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6 Qualities of a Charismatic Leader

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I recently discovered this list of 6 qualities that make a charismatic leader, which was compiled by success.com. Over my many years of researching this topic of leadership, including reading countless autobiographies of great people in their field and/or lives (such as Rudy Giuliani, Elie Wiesel, Sidney Poitier, Nelson Mandela, Eleanor Roosevelt …), this list describes perfectly the kind of characteristics that make up a powerful leader.
When I purchased my own practice back in 2003, I eagerly took on the challenge of becoming the best leader I could. Embracing this goal assisted the process that was vital in achieving my intention; open mindedness and a discovery mindset. I constantly asked myself how I could refine my style and interactions with others to gain better results for all involved.
If you are a leader within your organisation I encourage you to read the following 6 qualities carefully, and reflect upon how you can make them a part of your personal style.
1. They earn respect. We develop great perceptions of those people we can count on to help us achieve what is important to us. People who work hard develop influence in the minds and hearts of their co-workers and superiors, and they are spoken about in the most positive way.
2. They have the halo effect. Leaders who develop high-performing companies or departments develop what is called the “halo effect.” They are perceived by others to be leaders who are capable of great things. Their shortcomings are often overlooked, while their strong points are emphasized. They become charismatic.
3. They accept themselves. Leaders develop charisma by working on themselves. They learn to like and accept themselves unconditionally. They do and say the specific things that develop within them a powerful, charismatic personality.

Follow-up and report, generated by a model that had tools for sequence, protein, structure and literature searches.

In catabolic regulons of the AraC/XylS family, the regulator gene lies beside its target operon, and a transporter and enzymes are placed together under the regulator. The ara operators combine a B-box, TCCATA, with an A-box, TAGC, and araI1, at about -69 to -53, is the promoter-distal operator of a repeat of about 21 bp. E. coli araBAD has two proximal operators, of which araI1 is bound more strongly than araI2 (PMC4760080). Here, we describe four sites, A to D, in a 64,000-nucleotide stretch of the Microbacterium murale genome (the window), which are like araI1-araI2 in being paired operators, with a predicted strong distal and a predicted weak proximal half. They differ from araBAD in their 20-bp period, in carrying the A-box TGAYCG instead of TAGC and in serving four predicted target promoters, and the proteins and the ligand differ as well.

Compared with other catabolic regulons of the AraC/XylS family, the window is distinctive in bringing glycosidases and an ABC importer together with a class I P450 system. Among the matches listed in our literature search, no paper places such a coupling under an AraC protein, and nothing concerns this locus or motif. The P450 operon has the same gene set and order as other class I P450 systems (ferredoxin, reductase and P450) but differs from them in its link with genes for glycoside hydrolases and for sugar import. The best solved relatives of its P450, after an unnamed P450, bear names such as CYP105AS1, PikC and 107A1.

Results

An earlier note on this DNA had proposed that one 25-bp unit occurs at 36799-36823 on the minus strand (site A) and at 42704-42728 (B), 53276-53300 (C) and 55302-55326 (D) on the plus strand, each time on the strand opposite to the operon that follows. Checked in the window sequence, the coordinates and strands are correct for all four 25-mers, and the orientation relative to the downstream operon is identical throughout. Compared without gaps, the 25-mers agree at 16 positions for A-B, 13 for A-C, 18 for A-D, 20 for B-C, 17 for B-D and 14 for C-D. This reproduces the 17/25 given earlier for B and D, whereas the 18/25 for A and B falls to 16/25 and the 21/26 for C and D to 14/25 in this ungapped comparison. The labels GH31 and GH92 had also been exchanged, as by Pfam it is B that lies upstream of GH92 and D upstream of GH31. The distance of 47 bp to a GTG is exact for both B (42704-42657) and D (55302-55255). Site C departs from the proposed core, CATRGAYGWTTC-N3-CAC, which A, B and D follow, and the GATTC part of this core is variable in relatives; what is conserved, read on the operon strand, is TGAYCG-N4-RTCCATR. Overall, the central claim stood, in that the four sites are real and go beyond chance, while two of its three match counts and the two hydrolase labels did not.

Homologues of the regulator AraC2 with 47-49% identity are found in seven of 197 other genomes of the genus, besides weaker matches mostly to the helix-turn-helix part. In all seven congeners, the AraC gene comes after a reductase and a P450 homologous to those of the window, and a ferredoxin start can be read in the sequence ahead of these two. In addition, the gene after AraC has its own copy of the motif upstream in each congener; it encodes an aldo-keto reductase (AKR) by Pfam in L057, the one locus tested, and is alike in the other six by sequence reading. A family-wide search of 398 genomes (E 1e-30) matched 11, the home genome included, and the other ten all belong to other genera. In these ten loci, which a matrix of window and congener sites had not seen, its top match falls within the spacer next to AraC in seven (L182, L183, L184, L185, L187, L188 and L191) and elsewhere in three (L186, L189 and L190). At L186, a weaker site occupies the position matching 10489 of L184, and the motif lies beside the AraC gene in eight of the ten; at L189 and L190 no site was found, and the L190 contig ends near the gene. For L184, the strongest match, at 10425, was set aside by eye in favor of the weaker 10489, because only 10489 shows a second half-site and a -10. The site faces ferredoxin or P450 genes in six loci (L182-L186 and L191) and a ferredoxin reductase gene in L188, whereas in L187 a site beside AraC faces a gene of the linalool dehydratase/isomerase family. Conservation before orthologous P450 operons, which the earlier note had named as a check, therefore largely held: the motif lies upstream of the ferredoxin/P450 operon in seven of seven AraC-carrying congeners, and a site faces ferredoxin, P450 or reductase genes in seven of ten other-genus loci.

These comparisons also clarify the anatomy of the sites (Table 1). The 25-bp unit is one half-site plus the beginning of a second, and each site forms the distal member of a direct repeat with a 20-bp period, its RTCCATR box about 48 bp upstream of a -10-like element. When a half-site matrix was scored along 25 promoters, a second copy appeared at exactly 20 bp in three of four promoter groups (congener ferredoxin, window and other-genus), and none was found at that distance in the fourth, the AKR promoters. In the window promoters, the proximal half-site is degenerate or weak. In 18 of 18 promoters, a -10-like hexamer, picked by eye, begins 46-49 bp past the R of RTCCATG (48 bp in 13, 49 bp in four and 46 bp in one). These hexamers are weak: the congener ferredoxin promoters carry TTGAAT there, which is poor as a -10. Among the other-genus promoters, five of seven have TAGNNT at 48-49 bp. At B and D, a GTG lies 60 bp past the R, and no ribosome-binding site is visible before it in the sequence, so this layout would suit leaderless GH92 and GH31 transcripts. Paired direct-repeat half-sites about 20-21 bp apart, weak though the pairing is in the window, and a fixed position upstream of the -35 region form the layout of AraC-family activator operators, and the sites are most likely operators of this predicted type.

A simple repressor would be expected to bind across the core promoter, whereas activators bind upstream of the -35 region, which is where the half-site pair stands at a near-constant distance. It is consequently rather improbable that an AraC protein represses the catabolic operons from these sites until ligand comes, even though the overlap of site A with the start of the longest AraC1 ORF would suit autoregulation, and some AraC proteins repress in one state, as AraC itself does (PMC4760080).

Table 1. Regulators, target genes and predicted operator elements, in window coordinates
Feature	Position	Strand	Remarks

4. They are determined and purposeful. When leaders set clear goals and become determined and purposeful, backing those goals with unshakable self-confidence, they develop charisma. They are enthusiastic and excited about what they’re doing. They are totally committed to achieving something worthwhile. They radiate charisma.
5. They accept complete responsibility. When leaders take complete responsibility and accept ownership, without making excuses or blaming others, they have a sense of control that is the foundation of charisma. They have the kind of external image that others admire. They develop their character by setting high standards and then disciplining themselves to live consistently within the highest principles. They become the kind of person who is admired and respected everywhere. They become the kind of person who radiates charisma to others.
6. They focus on the results. Leaders who concentrate their energies on achieving the results that they were hired to accomplish, the results that others expect of them, develop the reputation for performance and achievement that inevitably leads to the perception of greater charisma.

JulieParkerPracticeSuccess

Julie Parker was a dental nurse and receptionist for many years before becoming the first non-dentist to own a practice in Australia in 2003. After 10 very successful years, Julie now shares her wisdom and knowledge to other practice owners to facilitate their path to success. Charles Kovess practiced law successfully for 20 years before becoming a motivational speaker and transformation coach, bringing out the unique and extraordinary capacities of individuals, by accessing and harnessing their passion.

This Post Has One Comment

  1. Great stuff, julie parker. Love it

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